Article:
The video, titled 'A Message to America', was released a day after Islamic State, an al Qaeda offshoot that has overrun large parts of Iraq, threatened to attack Americans 'in any place'. U.S. officials said they were working to determine the video's authenticity
i100
Life and Style
fashion
Arts and Entertainment
tvSpielberg involved in bringing his 2002 film to the small screen
Independent
Travel Shop
the manor
Up to 70% off luxury travel
on city breaks Find out more
santorini
Up to 70% off luxury travel
on chic beach resorts Find out more
sardina foodie
Up to 70% off luxury travel
on country retreats Find out more
Latest stories from i100
Have you tried new the Independent Digital Edition apps?
Independent Dating
and  

By clicking 'Search' you
are agreeing to our
Terms of Use.

ES Rentals

    iJobs Job Widget
    iJobs General

    Data Insight Manager - Marketing

    £32000 - £35000 Per Annum: Clearwater People Solutions Ltd: Our client based o...

    Business Analyst

    £250 - £350 per day: Orgtel: Business Analyst, Bristol, Banking, Business Obje...

    Internal Communications Advisor - SW London

    £30000 - £35000 per annum: Ashdown Group: Internal Communications Advisor - SW...

    Data Insight Manager

    £40000 - £43000 Per Annum plus company bonus: Clearwater People Solutions Ltd:...

    Day In a Page

    Air strikes? Talk of God? Obama is following the jihadists’ script

    Air strikes? Talk of God? Obama is following the jihadists’ script

    The President came the nearest he has come yet to rivalling George W Bush’s gormless reaction to 9/11 , says Robert Fisk
    Ebola outbreak: Billy Graham’s son declares righteous war on the virus

    Billy Graham’s son declares righteous war on Ebola

    A Christian charity’s efforts to save missionaries trapped in Africa by the crisis have been justifiably praised. But doubts remain about its evangelical motives
    Jeremy Clarkson 'does not see a problem' with his racist language on Top Gear, says BBC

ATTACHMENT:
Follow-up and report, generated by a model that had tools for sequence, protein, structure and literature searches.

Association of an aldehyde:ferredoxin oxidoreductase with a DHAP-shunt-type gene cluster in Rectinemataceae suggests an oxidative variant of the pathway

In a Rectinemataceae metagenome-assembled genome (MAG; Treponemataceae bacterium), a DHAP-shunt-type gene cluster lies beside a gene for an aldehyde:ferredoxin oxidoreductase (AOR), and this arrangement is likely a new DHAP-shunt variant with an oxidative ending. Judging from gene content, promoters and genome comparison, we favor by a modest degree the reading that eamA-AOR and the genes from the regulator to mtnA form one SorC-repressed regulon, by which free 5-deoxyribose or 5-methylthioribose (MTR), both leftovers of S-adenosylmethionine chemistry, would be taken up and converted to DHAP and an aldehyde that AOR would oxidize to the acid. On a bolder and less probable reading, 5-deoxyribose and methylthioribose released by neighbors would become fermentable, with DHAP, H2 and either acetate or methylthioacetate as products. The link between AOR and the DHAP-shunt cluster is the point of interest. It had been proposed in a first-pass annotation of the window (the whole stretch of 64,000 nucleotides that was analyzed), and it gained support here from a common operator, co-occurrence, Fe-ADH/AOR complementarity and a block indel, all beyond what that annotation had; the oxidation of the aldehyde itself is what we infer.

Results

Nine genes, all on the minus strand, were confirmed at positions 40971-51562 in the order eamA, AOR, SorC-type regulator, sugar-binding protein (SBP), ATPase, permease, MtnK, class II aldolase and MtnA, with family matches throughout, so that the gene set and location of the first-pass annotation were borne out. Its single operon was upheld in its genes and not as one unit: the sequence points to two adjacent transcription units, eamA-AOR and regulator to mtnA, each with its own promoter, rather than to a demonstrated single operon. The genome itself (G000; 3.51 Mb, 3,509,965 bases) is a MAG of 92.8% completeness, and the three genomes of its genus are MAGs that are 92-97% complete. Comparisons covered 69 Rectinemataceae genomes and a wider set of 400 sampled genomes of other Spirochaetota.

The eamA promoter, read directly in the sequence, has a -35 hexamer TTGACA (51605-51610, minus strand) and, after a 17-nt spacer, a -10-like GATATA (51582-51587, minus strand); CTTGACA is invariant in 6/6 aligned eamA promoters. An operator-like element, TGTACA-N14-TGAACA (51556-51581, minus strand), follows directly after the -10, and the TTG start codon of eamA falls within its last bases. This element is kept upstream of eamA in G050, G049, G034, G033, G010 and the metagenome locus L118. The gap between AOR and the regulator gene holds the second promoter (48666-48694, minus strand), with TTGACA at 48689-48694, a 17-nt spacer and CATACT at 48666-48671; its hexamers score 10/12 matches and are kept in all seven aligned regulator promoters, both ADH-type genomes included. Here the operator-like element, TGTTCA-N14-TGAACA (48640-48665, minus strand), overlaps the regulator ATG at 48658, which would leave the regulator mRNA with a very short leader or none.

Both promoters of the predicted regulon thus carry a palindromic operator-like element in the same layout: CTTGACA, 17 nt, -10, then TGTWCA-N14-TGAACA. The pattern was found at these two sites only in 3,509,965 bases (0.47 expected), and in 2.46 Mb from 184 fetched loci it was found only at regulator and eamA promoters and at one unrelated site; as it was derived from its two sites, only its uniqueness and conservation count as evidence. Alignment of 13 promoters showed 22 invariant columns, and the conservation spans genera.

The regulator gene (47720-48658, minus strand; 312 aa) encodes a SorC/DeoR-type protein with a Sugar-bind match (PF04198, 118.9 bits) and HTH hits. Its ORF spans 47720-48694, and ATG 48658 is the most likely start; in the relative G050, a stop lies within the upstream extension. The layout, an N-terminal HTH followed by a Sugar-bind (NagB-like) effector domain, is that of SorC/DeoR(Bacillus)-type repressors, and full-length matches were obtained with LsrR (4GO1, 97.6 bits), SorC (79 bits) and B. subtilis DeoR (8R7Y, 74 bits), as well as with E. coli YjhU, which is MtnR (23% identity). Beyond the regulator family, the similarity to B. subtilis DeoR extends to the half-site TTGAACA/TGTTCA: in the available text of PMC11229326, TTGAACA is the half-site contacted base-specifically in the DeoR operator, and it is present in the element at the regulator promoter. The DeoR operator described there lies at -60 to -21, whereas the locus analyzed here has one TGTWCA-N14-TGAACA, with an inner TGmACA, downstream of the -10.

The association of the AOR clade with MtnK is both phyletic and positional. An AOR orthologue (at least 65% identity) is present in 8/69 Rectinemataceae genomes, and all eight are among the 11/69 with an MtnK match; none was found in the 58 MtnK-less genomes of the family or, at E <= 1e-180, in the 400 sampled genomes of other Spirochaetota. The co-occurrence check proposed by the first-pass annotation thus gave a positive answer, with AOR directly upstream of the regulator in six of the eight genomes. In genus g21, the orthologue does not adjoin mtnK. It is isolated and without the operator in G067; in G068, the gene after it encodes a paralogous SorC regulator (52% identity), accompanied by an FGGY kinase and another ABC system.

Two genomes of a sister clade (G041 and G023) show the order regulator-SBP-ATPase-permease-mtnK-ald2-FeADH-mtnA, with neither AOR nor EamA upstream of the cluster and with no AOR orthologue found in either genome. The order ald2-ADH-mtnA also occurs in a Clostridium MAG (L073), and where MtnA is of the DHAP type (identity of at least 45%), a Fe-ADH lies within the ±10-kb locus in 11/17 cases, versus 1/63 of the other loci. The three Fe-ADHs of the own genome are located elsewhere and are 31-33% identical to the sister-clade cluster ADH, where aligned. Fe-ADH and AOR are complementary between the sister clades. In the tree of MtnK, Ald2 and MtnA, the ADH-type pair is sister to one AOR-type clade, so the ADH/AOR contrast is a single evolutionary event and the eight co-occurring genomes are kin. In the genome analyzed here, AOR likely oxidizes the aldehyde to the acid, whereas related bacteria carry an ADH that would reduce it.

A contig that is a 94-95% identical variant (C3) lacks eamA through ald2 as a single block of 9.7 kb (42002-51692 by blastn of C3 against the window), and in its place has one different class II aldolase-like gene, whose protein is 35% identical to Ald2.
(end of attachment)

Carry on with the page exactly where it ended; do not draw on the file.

Not even Jeremy Clarkson is bigger than the BBC, says TV boss

    Corporation’s head of television confirms ‘Top Gear’ host was warned about racist language
    Nick Clegg the movie: Channel 4 to air Coalition drama showing Lib Dem leader's rise

    Nick Clegg the movie

    Channel 4 to air Coalition drama showing Lib Dem leader's rise
    Philip Larkin: Misogynist, racist, miserable? Or caring, playful man who lived for others?

    Philip Larkin: What will survive of him?

    Larkin's reputation has taken a knocking. But a new book by James Booth argues that the poet was affectionate, witty, entertaining and kind, as hitherto unseen letters, sketches and 'selfies' reveal
    Madame Tussauds has shown off its Beyoncé waxwork in Regent's Park - but why is the tourist attraction still pulling in the crowds?

    Waxing lyrical

    Madame Tussauds has shown off its Beyoncé waxwork in Regent's Park - but why is the tourist attraction still pulling in the crowds?
    Texas forensic astronomer finally pinpoints the exact birth of impressionism

    Revealed (to the minute)

    The precise time when impressionism was born
    From slow-roasted to sugar-cured: how to make the most of the British tomato season

    Make the most of British tomatoes

    The British crop is at its tastiest and most abundant. Sudi Pigott shares her favourite recipes
    10 best men's skincare products

    Face it: 10 best men's skincare products

    Oscar Quine cleanses, tones and moisturises to find skin-savers blokes will be proud to display on the bathroom shelf
    Malky Mackay allegations: Malky Mackay, Iain Moody and another grim day for English football

    Mackay, Moody and another grim day for English football

    The latest shocking claims do nothing to dispel the image that some in the game on these shores exist in a time warp, laments Sam Wallace
    La Liga analysis: Will Barcelona's hopes go out of the window?

    Will Barcelona's hopes go out of the window?

    Pete Jenson starts his preview of the Spanish season, which begins on Saturday, by explaining how Fifa’s transfer ban will affect the Catalans
    Middle East crisis: We know all too much about the cruelty of Isis – but all too little about who they are

    We know all too much about the cruelty of Isis – but all too little about who they are

    Now Obama has seen the next US reporter to be threatened with beheading, will he blink, asks Robert Fisk
    Neanderthals lived alongside humans for centuries, latest study shows

    Final resting place of our Neanderthal neighbours revealed

    Bones dated to 40,000 years ago show species may have died out in Belgium species co-existed
    Scottish independence: The new Scots who hold fate of the UK in their hands

    The new Scots who hold fate of the UK in their hands

    Scotland’s immigrants are as passionate about the future of their adopted nation as anyone else
    Britain's ugliest buildings: Which monstrosities should be nominated for the Dead Prize?

    Blight club: Britain's ugliest buildings

    Following the architect Cameron Sinclair's introduction of the Dead Prize, an award for ugly buildings, John Rentoul reflects on some of the biggest blots on the UK landscape